Days Out: Safe in the forest

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The Independent Online
Welcome to the pleasure dome: whatever your preconceptions, Center Parcs provides a neat package for a family, half-term break writes Catherine Stebbings

There is nothing English about Center Parcs, except the weather. The Dutch concept of an eco-friendly, family-oriented holiday camp within a forest is an ingenious one, an idea that can be used in any European country without having to change the formula. What's more, it works. Longleat Forest is no exception - set among some mature redwoods, its 600 little villas are rarely empty, any night of the year.

Center Parcs is designed for families, and stringently so. Everything is child-friendly and safe. There are no cars, no late-night openings - and security is tight. A maze of forest walks and cycleways is etched across nearly 400 acres, giving everyone a chance to find some peace - but ensuring they are never too far away. At Longleat the villas may look disconcertingly like Portakabins, but inside they are clean, warm, spacious and highly practical. Though they are crammed together, careful planning assures a degree of privacy.

Facilities are impressive, most of all the massive, glass-domed Plaza. Under one half lies a large piazza complete with restaurants, cafes and shops; under the other half are the spectacular pools, caves and rapids, all set in a subtropical arboretum. Slides and tunnels spew swimmers into underground caverns; waves lap against the mock sea wall; and parents sip cocktails under the palms while their young splash in the shallows or play in the sand. The pools extend outside, culminating in a hair-raising white-water run to the depths below.

At the other end of the forest the Jardins des Sports, a magnificent sports hall, offers everything from tennis and football to T'ai chi and fencing. Meanwhile, those wishing to be pampered could spend their weekend working their way through the range of options available at the Aqua Sana.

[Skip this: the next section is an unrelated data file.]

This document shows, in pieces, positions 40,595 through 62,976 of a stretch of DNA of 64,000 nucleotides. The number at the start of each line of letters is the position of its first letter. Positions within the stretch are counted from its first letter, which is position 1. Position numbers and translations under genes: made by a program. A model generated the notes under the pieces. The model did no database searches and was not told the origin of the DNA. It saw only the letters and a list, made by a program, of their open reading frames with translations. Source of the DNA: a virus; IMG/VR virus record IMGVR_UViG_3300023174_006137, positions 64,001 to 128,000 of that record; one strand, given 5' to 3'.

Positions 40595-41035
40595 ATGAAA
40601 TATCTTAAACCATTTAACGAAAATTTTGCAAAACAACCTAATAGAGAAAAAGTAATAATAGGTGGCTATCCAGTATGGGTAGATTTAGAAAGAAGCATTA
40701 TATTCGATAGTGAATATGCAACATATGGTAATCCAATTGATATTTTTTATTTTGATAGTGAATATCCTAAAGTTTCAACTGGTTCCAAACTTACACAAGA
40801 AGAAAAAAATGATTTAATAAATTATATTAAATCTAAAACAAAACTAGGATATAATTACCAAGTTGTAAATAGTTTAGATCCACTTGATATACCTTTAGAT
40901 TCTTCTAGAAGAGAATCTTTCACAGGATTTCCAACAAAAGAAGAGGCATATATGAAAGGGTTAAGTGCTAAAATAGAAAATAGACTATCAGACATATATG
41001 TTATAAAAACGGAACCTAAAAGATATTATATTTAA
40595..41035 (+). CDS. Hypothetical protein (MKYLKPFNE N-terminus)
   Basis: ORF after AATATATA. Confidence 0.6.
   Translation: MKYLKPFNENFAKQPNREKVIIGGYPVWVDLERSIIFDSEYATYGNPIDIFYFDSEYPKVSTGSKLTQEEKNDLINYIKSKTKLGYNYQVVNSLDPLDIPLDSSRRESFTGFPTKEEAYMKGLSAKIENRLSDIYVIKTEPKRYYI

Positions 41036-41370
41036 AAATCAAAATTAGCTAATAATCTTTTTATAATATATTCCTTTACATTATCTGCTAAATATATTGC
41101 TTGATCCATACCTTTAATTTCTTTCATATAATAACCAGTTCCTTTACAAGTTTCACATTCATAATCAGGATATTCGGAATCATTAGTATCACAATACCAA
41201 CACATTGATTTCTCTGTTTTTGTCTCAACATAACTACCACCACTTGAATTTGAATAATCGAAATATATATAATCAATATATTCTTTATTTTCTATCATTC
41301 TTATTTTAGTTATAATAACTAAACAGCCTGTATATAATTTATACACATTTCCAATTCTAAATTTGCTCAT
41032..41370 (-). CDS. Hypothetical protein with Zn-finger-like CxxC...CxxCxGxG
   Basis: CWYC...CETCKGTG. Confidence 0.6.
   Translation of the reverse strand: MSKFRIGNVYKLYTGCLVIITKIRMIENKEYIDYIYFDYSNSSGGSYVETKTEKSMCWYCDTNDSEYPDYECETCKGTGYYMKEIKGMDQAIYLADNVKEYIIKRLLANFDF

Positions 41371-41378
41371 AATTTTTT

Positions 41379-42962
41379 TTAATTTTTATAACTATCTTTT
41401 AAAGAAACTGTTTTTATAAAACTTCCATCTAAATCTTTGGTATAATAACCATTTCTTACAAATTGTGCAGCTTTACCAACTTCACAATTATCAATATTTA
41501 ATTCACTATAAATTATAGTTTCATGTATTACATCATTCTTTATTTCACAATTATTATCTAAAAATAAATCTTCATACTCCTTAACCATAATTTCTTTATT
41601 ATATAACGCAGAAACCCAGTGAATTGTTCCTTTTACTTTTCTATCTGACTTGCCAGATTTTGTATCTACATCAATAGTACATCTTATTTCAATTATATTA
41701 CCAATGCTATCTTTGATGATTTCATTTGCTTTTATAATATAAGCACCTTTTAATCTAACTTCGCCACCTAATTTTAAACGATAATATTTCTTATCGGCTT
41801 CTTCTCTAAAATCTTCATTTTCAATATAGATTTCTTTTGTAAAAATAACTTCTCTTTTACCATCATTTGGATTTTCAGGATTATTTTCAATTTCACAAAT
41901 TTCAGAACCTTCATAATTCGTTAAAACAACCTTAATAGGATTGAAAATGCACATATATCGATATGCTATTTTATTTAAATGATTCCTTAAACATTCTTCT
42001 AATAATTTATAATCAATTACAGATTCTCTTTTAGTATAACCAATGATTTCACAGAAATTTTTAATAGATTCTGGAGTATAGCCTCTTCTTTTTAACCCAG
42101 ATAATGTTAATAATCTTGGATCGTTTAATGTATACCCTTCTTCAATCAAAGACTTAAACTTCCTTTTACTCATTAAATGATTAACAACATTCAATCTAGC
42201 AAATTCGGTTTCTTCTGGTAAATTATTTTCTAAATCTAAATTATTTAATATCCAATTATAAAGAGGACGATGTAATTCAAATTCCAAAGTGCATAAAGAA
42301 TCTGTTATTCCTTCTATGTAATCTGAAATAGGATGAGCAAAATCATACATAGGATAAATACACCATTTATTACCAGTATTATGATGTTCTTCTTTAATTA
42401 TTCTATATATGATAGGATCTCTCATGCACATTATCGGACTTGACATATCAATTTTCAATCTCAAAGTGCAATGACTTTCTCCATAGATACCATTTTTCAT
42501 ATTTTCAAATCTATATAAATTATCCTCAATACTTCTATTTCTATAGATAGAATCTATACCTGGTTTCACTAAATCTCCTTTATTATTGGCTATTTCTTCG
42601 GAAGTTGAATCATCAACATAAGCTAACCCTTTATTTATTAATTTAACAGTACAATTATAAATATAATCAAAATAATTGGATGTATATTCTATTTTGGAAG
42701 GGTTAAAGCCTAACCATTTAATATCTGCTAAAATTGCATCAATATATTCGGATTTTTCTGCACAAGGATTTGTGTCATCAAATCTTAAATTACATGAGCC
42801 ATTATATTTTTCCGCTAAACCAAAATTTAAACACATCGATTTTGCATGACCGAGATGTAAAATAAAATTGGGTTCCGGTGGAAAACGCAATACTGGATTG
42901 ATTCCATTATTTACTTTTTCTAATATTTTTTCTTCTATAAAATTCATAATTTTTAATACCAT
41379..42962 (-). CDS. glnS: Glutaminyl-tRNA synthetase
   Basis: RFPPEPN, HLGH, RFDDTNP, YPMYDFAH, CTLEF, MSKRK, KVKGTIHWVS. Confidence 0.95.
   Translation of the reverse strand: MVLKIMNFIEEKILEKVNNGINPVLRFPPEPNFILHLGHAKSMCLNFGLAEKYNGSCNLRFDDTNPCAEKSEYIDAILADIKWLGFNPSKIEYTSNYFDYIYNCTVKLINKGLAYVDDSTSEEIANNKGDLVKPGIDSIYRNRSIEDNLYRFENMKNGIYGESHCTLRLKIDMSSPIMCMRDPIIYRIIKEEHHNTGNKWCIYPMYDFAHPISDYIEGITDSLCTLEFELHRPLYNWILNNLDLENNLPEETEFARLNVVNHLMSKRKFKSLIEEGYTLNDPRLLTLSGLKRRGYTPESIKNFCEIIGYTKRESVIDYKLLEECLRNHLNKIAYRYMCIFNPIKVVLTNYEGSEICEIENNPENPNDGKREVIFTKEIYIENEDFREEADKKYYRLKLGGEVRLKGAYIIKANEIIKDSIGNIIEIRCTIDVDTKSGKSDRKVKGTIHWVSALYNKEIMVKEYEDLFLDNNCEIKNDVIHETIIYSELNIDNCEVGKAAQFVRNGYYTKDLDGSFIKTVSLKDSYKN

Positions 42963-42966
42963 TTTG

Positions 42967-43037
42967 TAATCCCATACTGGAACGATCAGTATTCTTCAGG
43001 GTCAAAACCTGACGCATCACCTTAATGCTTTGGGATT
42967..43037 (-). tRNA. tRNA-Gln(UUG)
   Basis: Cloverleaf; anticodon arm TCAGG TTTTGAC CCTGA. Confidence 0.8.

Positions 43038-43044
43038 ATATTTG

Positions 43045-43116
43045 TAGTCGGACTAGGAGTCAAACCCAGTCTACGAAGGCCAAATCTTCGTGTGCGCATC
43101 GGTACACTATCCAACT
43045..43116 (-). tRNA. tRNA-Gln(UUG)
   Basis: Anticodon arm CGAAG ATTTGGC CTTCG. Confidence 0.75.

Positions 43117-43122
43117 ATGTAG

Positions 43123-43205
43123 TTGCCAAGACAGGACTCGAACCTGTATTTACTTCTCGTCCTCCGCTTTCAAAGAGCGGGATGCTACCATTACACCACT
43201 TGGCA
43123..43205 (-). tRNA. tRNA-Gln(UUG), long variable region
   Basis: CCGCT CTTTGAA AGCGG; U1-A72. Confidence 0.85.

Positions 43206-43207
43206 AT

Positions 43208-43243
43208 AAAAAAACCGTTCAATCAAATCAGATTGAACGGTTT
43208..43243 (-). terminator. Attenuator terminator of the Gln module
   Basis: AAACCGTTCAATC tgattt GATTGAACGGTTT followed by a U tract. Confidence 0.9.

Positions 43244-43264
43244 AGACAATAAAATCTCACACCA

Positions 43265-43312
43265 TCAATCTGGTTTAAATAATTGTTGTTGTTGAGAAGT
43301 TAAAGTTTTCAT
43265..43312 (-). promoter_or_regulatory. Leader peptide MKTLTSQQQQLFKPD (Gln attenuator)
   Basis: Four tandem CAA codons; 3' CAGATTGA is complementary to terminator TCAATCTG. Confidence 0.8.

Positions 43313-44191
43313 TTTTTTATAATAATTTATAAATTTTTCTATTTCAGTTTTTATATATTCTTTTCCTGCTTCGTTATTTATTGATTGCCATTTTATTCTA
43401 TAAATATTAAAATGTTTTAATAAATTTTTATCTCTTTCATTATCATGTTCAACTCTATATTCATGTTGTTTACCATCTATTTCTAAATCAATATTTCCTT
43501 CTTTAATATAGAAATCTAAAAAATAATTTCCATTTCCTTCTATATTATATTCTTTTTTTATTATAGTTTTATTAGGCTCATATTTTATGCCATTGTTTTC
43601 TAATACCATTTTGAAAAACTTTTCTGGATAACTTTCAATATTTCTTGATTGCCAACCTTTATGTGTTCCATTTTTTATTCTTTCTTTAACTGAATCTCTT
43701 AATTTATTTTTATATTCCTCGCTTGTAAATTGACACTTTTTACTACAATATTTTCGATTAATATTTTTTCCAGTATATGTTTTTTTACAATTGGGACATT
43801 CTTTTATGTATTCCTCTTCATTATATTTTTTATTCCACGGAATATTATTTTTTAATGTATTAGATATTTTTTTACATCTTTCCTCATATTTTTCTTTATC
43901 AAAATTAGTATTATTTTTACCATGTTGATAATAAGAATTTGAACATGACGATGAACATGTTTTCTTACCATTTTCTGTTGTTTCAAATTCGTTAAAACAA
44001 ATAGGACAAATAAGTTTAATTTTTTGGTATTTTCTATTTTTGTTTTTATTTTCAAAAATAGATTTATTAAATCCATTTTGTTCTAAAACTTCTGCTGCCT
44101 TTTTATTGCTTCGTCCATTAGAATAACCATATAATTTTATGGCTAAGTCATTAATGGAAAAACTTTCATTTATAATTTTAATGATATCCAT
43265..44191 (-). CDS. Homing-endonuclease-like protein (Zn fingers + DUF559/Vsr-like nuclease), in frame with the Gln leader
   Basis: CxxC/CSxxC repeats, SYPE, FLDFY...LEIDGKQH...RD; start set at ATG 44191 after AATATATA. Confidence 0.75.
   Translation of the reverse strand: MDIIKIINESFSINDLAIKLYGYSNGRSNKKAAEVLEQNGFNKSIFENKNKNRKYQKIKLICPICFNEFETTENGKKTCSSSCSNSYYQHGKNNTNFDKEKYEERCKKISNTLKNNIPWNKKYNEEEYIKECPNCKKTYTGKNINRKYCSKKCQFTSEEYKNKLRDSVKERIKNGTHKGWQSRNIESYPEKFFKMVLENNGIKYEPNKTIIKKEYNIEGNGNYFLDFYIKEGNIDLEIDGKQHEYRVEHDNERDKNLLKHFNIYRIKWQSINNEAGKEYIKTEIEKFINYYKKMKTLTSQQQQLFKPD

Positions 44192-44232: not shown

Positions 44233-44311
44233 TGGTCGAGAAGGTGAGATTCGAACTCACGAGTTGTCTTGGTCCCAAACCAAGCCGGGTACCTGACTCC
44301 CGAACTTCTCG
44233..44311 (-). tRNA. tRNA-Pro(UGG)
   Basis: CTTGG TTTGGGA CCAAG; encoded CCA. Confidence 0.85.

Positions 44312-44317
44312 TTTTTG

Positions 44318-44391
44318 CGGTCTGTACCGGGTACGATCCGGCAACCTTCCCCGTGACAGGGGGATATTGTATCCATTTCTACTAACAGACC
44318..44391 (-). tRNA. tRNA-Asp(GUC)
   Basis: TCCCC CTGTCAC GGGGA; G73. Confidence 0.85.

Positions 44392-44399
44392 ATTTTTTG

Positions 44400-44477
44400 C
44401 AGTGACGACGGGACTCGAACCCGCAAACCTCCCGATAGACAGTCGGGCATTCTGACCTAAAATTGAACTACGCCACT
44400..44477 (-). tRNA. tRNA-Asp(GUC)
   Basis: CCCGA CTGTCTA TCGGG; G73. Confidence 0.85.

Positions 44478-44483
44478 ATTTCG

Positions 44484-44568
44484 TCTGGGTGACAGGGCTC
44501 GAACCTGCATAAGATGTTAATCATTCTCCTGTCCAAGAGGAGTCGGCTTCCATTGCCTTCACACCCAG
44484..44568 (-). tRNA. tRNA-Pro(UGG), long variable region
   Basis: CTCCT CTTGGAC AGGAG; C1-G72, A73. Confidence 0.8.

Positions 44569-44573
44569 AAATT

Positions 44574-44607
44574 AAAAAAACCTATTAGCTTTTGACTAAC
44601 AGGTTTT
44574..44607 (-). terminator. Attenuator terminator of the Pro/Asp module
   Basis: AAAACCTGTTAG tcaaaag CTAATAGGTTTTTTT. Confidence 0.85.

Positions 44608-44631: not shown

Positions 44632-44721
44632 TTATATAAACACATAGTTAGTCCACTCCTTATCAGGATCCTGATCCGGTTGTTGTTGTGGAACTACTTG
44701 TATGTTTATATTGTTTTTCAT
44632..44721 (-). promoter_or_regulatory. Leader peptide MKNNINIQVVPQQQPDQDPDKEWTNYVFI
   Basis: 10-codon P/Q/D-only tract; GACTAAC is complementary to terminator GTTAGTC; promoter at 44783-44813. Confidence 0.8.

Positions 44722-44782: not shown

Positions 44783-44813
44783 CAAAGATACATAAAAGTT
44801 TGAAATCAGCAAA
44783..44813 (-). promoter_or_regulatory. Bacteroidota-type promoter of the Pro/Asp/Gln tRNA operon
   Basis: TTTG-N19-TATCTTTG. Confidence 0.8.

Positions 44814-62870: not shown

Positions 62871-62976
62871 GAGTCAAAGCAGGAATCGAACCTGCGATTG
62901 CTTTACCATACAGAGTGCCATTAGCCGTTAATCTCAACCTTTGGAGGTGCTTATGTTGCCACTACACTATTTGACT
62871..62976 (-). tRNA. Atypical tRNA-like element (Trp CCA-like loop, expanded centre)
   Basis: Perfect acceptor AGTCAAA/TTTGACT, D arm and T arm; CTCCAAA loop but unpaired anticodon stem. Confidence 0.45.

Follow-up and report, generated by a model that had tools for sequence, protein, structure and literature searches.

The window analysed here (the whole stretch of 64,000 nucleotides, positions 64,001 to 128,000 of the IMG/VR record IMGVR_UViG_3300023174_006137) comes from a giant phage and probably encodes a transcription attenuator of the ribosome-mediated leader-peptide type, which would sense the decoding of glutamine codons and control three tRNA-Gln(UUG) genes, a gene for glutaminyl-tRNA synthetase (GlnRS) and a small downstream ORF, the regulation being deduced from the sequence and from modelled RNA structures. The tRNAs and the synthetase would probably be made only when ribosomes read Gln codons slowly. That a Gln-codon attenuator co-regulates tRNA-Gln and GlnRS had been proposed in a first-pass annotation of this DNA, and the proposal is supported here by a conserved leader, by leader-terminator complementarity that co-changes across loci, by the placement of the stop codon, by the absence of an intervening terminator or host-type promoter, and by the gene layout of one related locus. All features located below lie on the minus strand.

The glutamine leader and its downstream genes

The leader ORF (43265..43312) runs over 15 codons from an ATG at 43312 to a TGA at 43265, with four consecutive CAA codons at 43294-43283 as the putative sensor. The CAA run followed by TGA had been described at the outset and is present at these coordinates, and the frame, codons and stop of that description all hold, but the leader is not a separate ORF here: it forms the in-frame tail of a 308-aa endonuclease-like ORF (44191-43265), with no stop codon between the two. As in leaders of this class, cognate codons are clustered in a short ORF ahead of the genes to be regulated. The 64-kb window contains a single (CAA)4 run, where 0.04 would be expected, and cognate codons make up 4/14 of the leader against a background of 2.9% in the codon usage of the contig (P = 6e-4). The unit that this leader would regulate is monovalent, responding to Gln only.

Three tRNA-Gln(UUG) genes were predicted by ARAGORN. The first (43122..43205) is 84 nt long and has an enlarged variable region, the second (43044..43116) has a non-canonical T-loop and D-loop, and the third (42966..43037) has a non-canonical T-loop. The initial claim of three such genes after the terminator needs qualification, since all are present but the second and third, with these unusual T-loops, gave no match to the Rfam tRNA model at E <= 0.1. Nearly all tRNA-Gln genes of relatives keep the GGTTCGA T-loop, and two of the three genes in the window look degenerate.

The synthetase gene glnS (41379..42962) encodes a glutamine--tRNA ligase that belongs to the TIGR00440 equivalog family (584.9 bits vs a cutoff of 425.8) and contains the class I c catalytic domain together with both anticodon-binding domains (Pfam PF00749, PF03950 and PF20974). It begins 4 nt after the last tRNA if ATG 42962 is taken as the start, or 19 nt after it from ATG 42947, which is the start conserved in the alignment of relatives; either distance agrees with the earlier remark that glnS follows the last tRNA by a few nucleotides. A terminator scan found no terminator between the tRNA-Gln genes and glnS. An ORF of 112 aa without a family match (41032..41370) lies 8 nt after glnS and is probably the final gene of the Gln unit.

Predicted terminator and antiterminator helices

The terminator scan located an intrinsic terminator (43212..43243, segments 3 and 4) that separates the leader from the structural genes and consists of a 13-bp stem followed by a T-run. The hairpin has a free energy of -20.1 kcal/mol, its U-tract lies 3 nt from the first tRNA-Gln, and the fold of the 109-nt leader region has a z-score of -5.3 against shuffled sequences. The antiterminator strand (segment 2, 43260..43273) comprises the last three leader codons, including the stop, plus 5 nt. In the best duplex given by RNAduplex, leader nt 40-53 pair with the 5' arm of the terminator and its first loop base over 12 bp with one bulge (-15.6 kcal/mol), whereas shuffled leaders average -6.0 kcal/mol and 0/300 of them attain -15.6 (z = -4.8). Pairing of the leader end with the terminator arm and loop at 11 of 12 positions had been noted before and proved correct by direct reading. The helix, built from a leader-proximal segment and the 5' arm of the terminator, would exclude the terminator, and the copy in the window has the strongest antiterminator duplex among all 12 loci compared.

The visitors

Catherine Stebbings and her husband Jonathan, a teacher, took their daughters Imogen, seven, Polly, six, and Claudia, three.

Catherine: I've always been highly sceptical of pleasure parks, so my heart sank when I saw the rows of unattractive cabins dotted around the forest, and swarms of people heading for the pool. But before long I had entered into the spirit of it all and enjoyed myself immensely. Practically, the park is most impressive; every detail has been carefully thought out and the result is a civilised, safe and healthy environment where children are in heaven. Personally I felt somewhat cocooned in an expensive enclosure, albeit a pleasant one. I would advise people to cater for themselves. We tried a few restaurants and found them all over-priced and lacking in atmosphere.

Jonathan: Overall I was impressed with the breadth and quality of the facilities and activities. Although sophisticated tastes are not catered for in design or food, the purpose of the place - family fun - is fulfilled brilliantly.